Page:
Layout templates

AcrossWebModule provides support for simple layout processing. A controller method can be linked to a specific template which will determine some pre- and post-processing that might be done. The base infrastructure is provided by WebTemplateProcessor, WebTemplateInterceptor and WebTemplateRegistry.

Creating a template

The easiest way to create a new template is to create a bean extending LayoutTemplateProcessorAdapterBean. Your implementation should get a unique name and a path to the template view file. This basic template implementation has adapter methods for registering of web resources and generating one or more menu structures.

Example layout template implementation
public class MyTemplate extends LayoutTemplateProcessorAdapterBean {

    public MyTemplate() {
        super( "MyTemplate", "th/mysite/layout" ); (1)

    protected void registerWebResources( WebResourceRegistry registry ) {
        registry.apply( (2)
            WebResourceRule.add( WebResource.css( "@static:/mysite/css/main.css" ) ).toBucket( WebResource.CSS )

    protected void buildMenus( MenuFactory menuFactory ) {
        menuFactory.buildMenu( "topMenu" ); (3)
1 identify the template as MyTemplate and render it using the Thymeleaf view with name th/mysite/layout
2 register some default web resources for this template
3 publish a menu to build the navigation

When the template is applied it will take the original view name and put it as a model attribute with the key childPage. The actual template view can then dispatch to the original view (or parts of it) when building the final layout.

Example Thymeleaf template that renders the content fragment of the original view
<!DOCTYPE html>
<html xmlns:th="">
    <title>My Site</title>
    <across:web-resources bucket="head" />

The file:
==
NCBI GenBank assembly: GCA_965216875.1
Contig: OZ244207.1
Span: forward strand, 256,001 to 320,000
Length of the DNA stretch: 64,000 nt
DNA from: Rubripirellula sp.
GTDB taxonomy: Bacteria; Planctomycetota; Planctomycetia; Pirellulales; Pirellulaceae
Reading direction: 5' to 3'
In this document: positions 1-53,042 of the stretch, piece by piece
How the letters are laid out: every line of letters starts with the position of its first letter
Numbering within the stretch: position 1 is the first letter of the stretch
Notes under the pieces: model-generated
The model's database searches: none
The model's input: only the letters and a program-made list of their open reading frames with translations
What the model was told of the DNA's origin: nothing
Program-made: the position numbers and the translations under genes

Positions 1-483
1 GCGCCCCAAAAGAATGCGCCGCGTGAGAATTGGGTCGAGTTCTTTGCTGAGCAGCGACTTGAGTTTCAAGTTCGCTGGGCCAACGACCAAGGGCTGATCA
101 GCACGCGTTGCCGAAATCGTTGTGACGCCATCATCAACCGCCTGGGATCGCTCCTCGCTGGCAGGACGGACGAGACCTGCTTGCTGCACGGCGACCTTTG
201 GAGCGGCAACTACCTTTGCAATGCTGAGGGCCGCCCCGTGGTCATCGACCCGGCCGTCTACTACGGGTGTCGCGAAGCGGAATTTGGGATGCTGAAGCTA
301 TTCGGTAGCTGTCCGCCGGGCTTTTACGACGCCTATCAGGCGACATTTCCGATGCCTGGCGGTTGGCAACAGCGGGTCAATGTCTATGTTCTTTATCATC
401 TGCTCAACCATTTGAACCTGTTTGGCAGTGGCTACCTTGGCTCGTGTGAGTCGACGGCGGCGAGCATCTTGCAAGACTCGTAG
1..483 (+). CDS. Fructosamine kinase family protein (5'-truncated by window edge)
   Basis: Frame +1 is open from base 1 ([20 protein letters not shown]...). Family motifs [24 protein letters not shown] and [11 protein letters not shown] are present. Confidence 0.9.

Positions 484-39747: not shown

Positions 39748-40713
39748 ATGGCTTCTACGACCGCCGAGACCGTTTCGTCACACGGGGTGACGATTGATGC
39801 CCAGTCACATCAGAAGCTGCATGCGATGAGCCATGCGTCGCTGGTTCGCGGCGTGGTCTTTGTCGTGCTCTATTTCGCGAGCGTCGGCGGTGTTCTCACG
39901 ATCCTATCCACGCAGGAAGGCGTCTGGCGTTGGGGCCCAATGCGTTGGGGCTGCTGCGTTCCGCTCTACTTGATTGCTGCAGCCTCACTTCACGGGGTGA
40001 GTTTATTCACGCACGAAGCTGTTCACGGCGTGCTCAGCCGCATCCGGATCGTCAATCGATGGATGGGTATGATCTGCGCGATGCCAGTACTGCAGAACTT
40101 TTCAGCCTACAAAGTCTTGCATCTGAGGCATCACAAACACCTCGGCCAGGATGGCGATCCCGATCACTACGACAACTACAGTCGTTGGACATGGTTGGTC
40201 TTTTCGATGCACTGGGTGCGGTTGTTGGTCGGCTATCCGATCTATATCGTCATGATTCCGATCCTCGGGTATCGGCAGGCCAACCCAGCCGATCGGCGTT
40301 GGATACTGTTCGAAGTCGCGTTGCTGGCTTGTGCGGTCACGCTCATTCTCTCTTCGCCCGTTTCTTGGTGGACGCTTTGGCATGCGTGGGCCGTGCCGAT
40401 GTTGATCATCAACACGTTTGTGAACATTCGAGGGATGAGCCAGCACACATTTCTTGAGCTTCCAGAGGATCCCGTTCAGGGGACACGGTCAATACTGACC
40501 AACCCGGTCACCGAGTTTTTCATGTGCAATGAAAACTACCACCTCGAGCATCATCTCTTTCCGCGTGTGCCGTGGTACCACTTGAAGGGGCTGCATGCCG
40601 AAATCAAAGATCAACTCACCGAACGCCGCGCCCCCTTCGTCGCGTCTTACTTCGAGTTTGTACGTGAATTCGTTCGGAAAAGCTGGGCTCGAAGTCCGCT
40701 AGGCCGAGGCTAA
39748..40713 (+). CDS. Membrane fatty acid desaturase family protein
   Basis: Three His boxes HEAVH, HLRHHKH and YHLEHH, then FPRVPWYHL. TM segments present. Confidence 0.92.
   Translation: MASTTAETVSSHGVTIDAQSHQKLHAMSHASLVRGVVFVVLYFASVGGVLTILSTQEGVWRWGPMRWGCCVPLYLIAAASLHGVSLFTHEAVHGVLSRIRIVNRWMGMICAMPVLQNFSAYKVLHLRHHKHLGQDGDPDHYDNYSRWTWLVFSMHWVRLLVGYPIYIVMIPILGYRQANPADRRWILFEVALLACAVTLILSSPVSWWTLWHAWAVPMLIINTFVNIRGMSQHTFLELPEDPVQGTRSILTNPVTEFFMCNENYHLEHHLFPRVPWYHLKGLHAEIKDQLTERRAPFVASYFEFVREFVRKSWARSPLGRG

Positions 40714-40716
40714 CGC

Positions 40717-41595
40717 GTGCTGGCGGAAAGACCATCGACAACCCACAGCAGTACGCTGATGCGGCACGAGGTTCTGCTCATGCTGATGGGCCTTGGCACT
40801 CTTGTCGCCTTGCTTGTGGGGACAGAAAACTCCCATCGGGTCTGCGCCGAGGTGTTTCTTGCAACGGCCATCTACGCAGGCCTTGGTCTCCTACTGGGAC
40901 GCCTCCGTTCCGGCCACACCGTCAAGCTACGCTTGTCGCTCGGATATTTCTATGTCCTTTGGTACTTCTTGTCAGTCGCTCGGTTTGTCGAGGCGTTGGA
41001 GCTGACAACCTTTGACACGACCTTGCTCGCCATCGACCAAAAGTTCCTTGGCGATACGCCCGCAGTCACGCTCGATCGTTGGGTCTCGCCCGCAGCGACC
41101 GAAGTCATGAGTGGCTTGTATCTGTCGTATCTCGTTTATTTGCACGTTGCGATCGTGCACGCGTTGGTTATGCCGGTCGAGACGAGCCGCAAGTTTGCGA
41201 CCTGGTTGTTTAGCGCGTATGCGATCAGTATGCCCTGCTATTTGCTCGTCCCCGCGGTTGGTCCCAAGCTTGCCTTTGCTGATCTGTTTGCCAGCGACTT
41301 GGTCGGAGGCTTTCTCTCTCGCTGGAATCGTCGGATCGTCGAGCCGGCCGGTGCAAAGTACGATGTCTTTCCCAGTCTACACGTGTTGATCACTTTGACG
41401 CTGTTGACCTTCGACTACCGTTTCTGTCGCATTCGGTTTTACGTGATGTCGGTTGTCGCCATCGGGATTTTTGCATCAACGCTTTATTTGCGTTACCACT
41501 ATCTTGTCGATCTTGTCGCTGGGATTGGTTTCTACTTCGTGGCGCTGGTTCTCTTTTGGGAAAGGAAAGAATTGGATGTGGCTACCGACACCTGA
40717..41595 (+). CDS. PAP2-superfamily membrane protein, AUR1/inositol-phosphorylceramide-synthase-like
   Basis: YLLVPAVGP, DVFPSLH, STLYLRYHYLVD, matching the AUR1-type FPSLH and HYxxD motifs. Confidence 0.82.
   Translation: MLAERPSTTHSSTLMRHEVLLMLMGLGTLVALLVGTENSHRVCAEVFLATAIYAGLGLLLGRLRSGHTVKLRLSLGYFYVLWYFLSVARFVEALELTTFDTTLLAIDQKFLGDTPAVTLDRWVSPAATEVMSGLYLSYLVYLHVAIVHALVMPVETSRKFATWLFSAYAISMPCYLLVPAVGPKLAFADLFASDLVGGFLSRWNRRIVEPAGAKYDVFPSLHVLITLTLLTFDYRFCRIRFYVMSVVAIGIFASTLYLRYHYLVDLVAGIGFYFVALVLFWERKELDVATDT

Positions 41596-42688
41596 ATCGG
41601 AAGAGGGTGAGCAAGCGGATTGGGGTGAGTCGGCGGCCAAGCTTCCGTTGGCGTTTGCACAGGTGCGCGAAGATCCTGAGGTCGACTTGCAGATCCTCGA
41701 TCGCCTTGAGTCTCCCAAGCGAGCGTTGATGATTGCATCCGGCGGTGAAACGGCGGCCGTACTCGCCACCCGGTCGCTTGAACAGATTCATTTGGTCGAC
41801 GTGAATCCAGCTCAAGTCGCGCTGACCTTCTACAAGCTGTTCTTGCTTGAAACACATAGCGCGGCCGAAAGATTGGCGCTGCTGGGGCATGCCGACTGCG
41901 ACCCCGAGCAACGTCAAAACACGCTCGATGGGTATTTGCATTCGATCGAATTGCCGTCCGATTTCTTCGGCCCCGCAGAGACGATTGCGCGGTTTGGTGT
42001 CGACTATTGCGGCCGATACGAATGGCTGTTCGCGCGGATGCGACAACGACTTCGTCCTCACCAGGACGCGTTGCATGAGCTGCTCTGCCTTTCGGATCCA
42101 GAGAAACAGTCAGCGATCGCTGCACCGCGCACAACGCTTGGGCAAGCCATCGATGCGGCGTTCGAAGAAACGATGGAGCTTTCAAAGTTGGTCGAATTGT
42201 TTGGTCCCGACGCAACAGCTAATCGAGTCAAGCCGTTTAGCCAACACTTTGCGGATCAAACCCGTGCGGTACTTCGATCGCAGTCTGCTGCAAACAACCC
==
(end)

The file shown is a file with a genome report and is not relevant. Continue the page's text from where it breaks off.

<across:web-resources bucket="javascript" />
    <across:web-resources bucket="css" />
    <div th:replace="${childPage} :: content">
        Insert original view

    <across:web-resources bucket="javascript-page-end" />

After the initial registerWebResources(WebResourceRegistry) has been executed by the template component, a BuildTemplateWebResourcesEvent with the template name will be published. This allows event listeners to add additional web resources for a specific template.

Linking a template to a controller

Any controller method can specify the template to use by setting the @Template annotation with the unique template name. The @Template annotation can be set on the @Controller itself (in which case it will apply to all mapping methods) or on mapping method directly. The latter will always take precedence.

You can always clear a template from being applied by setting a @ClearTemplate annotation on a method. Special Spring MVC return options (like methods annotated with @ResponseBody) will automatically suppress the template.
Methods in a @Controller do not take any @Template annotations of their @ControllerAdvice beans into account and vice versa.

Linking a template to an exception handler

Just like @Template can be used on any @RequestMapping method, it can also be used on a @ExceptionHandler method. Since an exception handler uses its own template, a template might be executed twice if an exception occurs. Initially a template might have been executed for the controller method. In case of an exception, that template will be cleared and a new WebResourceRegistry will be created for the @ExceptionHandler along with the optional template.

Registering the default template

If no explicit template is specified, the default template will be used it there is one. The default template must be set on the WebTemplateRegistry. set on the WebTemplateRegistry.

Example template registering itself as default
public class MyTemplate extends LayoutTemplateProcessorAdapterBean {

    public void registerAsDefaultTemplate( WebTemplateRegistry webTemplateRegistry ) {
        webTemplateRegistry.setDefaultTemplateName( getName() );